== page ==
Tim Bray is a VP and Distinguished Engineer at Amazon Web Services. After spending nearly 6 years at the company, he resigned recently from Amazon. The resignation has cost him over a million (pre-tax) dollars. He quit in dismay over Amazon’s firing of whistleblowers who were raising issues about warehouse employees frightened of COIVD-19.
Despite the criticism from everyone, Amazon still maintains that it offers adequate safeguards and is putting massive efforts to improve the situation of warehouse workers.
Here’s an excerpt from Tim Bray’s blog:
It’s a matter of fact that workers are saying they’re at risk in the warehouses. I don’t think the media’s done a terribly good job of telling their stories. I went to the video chat that got Maren and Emily fired, and found listening to them moving. You can listen too if you’d like. Up on YouTube is another full-day videochat; it’s nine hours long, but there’s a table of contents, you can decide whether you want to hear people from Poland, Germany, France, or multiple places in the USA. Here’s more reportage from the NY Times.
It’s not just workers who are upset. Here are Attorneys-general from 14 states speaking out. Here’s the New York State Attorney-general with more detailed complaints. Here’s Amazon losing in French courts, twice.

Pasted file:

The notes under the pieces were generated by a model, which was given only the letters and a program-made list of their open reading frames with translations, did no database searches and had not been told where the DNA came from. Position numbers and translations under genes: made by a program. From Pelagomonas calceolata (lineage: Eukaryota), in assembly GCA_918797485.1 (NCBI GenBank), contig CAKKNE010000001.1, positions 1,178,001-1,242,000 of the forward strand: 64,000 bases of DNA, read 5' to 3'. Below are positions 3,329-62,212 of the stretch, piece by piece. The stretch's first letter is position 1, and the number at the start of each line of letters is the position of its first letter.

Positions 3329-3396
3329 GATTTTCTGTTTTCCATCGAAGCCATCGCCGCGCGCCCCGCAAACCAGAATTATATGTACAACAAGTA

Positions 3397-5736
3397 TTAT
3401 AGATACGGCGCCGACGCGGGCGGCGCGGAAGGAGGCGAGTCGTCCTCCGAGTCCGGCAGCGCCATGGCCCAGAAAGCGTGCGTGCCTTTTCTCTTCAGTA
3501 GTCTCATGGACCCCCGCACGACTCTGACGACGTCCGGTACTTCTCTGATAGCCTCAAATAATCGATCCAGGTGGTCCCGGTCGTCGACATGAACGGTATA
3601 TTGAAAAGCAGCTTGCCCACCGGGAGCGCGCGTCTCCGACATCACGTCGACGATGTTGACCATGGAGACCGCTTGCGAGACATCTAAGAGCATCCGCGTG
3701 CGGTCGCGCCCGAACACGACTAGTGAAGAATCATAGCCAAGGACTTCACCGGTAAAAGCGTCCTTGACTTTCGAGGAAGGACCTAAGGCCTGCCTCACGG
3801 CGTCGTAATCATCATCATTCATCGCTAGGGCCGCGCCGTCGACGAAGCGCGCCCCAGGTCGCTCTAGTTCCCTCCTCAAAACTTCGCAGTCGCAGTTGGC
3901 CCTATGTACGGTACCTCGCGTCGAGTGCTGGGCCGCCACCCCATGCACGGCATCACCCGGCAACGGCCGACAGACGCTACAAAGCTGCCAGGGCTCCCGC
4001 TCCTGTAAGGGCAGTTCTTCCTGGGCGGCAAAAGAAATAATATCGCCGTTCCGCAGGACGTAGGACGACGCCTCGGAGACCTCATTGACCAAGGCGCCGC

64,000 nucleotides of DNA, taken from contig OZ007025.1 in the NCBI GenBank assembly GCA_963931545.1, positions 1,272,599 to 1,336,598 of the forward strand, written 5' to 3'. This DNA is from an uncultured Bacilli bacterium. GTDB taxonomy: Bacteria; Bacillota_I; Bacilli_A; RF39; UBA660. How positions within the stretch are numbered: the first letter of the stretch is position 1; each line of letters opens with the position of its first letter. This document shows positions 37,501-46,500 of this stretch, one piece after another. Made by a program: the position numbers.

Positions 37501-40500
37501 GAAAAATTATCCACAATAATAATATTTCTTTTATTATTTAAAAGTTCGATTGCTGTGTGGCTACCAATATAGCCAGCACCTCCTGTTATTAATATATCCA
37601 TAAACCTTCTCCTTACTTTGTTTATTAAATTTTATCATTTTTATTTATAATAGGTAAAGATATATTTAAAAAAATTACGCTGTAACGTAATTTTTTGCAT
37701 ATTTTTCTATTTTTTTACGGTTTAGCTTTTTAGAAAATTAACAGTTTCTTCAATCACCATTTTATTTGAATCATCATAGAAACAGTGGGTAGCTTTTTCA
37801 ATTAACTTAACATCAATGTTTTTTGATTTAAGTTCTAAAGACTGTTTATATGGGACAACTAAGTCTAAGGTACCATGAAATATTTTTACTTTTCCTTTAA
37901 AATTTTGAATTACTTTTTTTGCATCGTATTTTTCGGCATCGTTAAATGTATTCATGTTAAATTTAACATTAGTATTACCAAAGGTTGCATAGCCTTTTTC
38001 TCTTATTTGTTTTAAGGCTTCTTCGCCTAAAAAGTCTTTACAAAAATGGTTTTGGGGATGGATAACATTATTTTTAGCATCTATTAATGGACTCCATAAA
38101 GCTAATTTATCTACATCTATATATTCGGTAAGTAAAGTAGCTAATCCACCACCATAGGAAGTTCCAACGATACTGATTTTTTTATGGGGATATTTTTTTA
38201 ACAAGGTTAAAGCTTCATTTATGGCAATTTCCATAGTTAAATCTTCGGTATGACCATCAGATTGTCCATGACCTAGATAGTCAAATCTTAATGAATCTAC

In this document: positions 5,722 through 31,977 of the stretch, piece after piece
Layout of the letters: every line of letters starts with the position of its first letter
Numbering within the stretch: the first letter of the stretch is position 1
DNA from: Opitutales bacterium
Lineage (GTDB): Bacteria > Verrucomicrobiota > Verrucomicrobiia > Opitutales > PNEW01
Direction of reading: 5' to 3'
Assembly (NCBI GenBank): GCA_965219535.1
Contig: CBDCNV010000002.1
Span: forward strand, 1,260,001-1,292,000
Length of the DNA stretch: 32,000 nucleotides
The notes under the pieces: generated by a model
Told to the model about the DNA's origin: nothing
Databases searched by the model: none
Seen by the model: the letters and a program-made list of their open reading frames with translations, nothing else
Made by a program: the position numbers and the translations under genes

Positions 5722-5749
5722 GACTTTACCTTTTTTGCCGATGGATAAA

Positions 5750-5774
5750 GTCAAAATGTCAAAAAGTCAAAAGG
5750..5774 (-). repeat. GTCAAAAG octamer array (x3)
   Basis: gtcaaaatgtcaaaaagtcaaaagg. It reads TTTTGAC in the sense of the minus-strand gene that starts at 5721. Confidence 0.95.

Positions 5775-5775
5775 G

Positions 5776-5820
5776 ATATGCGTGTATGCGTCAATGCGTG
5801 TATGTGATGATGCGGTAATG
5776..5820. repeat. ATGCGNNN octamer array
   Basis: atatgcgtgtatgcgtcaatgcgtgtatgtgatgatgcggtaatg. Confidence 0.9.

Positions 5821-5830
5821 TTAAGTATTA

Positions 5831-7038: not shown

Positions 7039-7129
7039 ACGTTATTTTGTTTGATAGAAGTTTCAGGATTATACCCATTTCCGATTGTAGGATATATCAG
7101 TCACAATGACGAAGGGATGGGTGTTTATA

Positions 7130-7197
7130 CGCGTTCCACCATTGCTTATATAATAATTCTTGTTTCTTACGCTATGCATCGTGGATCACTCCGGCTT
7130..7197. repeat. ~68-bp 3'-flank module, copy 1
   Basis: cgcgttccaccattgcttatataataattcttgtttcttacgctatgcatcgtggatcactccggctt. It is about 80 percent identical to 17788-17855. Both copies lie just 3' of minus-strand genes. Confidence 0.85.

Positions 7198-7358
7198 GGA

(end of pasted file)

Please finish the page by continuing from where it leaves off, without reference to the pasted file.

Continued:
On the other hand, Amazon’s messaging has been urgent that they are prioritizing this issue and putting massive efforts into warehouse safety. I actually believe this: I have heard detailed descriptions from people I trust of the intense work and huge investments. Good for them; and let’s grant that you don’t turn a supertanker on a dime.
But I believe the worker testimony too. And at the end of the day, the big problem isn’t the specifics of Covid-19 response. It’s that Amazon treats the humans in the warehouses as fungible units of pick-and-pack potential. Only that’s not just Amazon, it’s how 21st-century capitalism is done.
Amazon is exceptionally well-managed and has demonstrated great skill at spotting opportunities and building repeatable processes for exploiting them. It has a corresponding lack of vision about the human costs of the relentless growth and accumulation of wealth and power. If we don’t like certain things Amazon is doing, we need to put legal guardrails in place to stop those things. We don’t need to invent anything new; a combination of antitrust and living-wage and worker-empowerment legislation, rigorously enforced, offers a clear path forward.
Don’t say it can’t be done, because France is doing it.
Source: Tim Bray